Chapter 12 study guide
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Plagues and People
Chapter 12: The Great Pox Syphilis
•The men in the Tuskegee Syphilis Study were denied treatment for
syphilis even after penicillin came into use in 1947. It came to
symbolize racism in medicine, and ethical misconduct in medical
•‘the great pox’ as the English called it, was a disease that from 1493,
swept over Europe and the rest of the world.
•Claimed that the disease was brought to Naples by Spanish troops sent
to support Alphonso II of Naples against the French king Charles VIII.
Charles invaded Italy and troops contracted the Great Pox and forced
•French called this pox ‘the disease of Naples’ blaming the Italians for
it, and the Italians called it ‘the French disease’
•Two main theories: Columbian theory and the pre-Columbian theory.
•Columbian theory: Columbus visited the Americas in 1492, and then
went back to Spain take back natives that then joined Charles VIII ‘s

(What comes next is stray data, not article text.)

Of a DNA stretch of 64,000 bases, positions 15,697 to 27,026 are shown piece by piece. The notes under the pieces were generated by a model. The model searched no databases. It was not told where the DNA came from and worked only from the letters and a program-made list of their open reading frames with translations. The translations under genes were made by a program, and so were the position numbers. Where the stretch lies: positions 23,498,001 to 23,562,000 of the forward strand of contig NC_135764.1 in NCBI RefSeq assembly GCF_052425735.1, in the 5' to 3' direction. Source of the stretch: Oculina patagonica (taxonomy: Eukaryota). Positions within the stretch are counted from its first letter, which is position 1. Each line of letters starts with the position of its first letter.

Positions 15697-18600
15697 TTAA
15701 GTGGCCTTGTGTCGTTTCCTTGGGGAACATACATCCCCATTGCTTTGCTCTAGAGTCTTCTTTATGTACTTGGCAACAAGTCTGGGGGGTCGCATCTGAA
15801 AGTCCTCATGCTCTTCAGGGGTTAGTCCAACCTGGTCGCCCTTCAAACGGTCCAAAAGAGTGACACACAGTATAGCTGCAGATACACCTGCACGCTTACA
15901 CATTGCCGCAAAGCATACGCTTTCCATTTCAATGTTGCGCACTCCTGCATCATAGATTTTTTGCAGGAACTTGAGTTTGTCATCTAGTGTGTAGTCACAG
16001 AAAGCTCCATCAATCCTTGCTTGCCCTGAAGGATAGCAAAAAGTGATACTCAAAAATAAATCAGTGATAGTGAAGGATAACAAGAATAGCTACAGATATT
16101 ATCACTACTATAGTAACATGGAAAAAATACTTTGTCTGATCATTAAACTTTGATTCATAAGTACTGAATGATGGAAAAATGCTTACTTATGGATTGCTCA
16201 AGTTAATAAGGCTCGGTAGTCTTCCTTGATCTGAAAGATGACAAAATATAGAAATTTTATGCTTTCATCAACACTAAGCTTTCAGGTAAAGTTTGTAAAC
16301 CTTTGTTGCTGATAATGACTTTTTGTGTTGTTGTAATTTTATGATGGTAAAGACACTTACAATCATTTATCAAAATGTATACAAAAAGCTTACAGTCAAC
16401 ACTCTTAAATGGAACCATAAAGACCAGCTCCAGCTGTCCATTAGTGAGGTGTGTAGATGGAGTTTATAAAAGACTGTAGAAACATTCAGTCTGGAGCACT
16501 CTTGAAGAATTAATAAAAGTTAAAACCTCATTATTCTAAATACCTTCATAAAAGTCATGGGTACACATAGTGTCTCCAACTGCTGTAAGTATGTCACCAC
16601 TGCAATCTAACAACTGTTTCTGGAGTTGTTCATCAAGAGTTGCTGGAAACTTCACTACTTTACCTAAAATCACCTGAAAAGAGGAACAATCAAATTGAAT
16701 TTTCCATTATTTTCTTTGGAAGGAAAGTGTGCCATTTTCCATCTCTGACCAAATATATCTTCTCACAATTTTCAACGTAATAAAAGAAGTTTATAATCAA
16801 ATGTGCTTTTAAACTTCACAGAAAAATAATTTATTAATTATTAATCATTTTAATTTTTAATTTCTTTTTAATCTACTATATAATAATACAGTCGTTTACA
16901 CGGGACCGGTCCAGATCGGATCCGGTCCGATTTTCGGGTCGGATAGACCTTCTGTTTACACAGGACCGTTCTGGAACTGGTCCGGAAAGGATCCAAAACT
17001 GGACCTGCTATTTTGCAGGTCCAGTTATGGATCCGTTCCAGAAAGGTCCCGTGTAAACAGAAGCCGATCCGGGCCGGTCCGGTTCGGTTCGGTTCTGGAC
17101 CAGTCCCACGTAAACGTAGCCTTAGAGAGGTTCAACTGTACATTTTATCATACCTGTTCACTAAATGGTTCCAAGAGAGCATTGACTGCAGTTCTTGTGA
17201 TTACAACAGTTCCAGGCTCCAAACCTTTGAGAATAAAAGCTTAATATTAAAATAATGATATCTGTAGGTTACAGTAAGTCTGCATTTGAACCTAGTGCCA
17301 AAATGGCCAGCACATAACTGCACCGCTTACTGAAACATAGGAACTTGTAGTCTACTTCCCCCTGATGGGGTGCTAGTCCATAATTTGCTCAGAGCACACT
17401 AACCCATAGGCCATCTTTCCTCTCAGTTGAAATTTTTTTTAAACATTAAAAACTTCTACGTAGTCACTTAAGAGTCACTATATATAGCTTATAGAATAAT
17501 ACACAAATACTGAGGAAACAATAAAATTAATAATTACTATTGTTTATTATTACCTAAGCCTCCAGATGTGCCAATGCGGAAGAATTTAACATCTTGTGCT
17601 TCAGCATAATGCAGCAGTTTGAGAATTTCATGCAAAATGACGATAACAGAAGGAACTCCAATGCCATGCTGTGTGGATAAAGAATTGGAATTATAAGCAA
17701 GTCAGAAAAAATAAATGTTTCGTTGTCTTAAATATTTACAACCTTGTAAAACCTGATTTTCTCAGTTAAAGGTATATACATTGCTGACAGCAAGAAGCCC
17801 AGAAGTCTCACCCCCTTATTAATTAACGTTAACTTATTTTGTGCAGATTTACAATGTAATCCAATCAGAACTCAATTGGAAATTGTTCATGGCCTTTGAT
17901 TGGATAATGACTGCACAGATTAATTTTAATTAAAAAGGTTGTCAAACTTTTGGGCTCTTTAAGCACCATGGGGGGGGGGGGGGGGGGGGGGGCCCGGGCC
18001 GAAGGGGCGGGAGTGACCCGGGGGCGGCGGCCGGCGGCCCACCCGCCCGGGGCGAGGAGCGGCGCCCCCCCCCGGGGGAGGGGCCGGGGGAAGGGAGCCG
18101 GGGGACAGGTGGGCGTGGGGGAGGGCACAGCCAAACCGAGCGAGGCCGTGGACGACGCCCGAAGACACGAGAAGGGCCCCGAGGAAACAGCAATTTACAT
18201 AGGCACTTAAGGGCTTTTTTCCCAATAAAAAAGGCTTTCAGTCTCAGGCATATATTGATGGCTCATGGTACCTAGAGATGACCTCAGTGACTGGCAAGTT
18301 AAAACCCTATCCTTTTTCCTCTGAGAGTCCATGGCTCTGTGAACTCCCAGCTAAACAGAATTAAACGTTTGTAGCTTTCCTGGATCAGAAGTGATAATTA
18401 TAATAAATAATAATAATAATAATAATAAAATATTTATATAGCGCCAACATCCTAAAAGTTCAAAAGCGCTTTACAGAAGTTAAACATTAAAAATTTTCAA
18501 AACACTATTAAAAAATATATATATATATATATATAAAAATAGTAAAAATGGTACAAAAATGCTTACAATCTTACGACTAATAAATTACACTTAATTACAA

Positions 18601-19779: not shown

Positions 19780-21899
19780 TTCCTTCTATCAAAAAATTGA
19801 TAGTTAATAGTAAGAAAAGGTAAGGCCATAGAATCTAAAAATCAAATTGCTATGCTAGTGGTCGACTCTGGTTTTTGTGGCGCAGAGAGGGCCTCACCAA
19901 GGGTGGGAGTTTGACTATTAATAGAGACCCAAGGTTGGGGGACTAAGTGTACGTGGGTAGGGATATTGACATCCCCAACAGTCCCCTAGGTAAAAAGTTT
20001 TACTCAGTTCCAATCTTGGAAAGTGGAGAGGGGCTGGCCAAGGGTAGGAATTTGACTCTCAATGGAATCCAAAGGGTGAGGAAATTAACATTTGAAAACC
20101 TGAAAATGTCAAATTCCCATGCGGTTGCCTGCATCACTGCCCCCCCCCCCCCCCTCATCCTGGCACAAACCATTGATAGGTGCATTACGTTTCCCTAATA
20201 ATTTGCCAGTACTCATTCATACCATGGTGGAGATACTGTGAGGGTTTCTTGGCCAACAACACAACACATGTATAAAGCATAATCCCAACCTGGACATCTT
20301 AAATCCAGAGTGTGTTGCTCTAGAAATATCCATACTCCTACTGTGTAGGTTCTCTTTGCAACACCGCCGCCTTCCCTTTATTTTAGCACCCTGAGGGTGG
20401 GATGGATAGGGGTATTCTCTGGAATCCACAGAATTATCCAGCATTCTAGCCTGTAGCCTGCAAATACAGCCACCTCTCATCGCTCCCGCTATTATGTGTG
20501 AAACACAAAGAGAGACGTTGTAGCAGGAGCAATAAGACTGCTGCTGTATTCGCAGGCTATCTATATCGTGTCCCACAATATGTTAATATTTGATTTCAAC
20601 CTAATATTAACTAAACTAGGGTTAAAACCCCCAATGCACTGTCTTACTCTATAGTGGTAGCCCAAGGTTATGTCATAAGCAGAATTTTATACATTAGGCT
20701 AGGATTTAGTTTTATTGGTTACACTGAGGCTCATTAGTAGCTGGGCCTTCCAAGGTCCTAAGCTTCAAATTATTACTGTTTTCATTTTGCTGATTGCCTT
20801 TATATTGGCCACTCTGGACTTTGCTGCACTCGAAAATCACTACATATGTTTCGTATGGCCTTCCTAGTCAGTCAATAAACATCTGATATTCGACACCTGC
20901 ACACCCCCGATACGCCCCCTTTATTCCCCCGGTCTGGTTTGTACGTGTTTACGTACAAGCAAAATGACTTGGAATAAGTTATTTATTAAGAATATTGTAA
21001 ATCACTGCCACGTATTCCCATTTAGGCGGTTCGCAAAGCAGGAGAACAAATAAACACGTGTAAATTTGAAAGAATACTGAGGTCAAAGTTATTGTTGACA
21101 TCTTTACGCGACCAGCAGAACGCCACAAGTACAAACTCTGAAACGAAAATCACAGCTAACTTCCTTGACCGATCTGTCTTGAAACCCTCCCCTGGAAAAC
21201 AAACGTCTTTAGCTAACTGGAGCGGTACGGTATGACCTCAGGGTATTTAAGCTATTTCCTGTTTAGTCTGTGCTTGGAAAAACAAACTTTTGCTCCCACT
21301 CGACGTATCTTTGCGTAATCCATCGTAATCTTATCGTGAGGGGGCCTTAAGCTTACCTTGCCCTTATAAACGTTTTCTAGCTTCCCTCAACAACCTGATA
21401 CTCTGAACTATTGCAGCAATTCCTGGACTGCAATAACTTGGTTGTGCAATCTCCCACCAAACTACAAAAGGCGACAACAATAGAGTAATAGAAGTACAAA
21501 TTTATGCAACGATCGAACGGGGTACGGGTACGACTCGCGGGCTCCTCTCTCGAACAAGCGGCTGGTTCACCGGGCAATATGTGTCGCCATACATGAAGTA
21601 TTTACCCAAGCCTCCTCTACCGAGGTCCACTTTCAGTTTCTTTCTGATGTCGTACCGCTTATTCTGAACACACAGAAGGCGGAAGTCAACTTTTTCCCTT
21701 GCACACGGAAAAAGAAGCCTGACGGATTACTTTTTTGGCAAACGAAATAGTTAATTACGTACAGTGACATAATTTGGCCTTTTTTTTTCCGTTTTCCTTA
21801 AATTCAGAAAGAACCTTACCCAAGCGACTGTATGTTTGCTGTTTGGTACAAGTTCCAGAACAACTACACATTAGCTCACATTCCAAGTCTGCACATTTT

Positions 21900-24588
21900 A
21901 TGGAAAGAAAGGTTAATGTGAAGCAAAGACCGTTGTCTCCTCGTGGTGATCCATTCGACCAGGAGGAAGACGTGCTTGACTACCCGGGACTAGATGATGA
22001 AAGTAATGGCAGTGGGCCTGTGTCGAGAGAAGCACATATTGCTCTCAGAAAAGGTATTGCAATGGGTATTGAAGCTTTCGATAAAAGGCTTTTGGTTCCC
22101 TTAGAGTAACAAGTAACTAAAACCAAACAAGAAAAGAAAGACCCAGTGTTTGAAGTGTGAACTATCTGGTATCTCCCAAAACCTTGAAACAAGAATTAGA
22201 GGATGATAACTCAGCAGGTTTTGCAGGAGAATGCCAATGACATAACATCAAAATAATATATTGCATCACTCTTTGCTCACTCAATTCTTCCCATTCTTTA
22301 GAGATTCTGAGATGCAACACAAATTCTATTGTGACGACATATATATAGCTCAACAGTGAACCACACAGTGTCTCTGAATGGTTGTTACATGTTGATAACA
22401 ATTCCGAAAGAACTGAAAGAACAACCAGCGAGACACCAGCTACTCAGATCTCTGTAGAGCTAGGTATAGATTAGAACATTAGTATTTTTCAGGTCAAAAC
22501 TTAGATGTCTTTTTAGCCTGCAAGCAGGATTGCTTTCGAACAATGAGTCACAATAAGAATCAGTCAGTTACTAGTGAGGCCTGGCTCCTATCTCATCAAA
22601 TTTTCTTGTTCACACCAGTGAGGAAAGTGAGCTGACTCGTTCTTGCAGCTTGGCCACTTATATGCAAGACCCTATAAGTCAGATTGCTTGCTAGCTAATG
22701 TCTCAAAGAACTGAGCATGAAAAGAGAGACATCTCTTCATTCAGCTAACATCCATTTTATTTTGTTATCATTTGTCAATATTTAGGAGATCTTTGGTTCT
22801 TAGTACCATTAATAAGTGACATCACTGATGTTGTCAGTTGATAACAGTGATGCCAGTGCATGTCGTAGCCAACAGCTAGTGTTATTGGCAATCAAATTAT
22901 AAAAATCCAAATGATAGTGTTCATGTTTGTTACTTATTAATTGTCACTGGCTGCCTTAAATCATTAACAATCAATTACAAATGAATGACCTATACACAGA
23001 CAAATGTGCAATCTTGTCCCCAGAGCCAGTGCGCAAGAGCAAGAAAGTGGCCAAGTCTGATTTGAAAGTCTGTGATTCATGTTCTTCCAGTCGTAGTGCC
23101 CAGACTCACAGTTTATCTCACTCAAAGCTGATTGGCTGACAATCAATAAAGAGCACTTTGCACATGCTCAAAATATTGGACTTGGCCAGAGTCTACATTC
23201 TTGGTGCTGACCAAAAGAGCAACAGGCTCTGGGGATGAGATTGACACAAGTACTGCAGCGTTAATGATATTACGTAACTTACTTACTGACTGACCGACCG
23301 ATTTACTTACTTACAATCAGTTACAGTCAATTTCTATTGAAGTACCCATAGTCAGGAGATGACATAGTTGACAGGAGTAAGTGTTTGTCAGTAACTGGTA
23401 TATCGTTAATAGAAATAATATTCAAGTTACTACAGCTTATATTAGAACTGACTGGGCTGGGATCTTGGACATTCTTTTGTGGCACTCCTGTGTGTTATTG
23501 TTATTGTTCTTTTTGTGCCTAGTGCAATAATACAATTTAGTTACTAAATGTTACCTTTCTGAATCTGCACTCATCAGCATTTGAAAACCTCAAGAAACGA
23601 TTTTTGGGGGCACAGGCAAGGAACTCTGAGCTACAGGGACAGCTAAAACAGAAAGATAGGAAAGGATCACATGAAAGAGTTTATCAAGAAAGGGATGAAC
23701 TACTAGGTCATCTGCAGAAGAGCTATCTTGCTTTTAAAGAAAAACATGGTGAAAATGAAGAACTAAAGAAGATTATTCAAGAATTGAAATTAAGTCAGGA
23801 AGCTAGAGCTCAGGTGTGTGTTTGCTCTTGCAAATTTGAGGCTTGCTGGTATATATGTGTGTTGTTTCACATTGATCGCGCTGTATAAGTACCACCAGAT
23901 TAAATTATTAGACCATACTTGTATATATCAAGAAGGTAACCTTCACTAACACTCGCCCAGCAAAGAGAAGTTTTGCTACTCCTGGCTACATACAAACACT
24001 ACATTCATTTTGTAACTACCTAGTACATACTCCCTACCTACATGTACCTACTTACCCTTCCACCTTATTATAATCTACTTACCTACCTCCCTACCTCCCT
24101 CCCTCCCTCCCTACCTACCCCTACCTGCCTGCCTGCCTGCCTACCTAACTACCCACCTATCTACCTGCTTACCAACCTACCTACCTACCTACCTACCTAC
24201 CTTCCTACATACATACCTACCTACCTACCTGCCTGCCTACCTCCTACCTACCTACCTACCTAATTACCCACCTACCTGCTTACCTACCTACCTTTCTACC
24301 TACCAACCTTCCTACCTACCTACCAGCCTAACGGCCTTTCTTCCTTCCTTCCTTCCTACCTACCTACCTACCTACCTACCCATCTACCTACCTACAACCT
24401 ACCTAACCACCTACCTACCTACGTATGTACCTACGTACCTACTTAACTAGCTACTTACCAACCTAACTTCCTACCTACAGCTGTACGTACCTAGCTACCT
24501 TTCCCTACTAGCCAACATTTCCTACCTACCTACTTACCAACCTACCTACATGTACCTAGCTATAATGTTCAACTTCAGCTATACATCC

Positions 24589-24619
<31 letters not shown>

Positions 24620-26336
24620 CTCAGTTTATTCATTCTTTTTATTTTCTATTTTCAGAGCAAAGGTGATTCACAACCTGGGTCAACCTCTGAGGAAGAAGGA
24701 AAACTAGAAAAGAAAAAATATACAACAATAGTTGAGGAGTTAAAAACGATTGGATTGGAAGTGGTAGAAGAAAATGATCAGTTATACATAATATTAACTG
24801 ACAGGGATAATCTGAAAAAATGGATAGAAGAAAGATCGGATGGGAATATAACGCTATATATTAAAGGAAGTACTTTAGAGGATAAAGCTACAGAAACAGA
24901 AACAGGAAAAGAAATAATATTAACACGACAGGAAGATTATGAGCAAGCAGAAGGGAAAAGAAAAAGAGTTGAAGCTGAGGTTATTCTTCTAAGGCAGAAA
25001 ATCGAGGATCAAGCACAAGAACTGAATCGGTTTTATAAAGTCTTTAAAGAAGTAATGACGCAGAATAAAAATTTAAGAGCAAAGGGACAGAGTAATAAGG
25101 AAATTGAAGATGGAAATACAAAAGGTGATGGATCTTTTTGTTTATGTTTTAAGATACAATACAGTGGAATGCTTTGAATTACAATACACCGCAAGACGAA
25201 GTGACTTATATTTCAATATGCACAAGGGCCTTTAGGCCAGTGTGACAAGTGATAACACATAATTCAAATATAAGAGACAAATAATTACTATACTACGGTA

•By the end of the 1800s, the virulence of the pathogen and the number
of cases decline.
•One hypothesis is: a new disease introduced into a naïve population
that increased the rate of transmission caused the outbreak, and it
transformed into a highly virulent disease.
•Another hypothesis: European syphilis was derived from yaws, and by
a mode of direct contact.
•Another reason: precautions against transmission were not observed,
later stages were not associated with earlier and more infectious
•Treatments: George Sommariva tried mercury for the treatment of ‘the
French pox’, it was taken in the form of a drink – came to be called
‘salivation’ because the near poisoning with mercury salts produced a
lot of saliva.
•Treatment: guaiacum (holy wood) resin from trees. It was a useless
•Evidence of the Columbian theory, lies in the bones and teeth: bone
lesions–scrimshaw patterns and saber thickenings on the lower limbs
of adults and notched teeth in children.
•In the Columbian theory view, syphilis would have existed in Europe
and Asia in a milder form prior to 1493, but then it changed and
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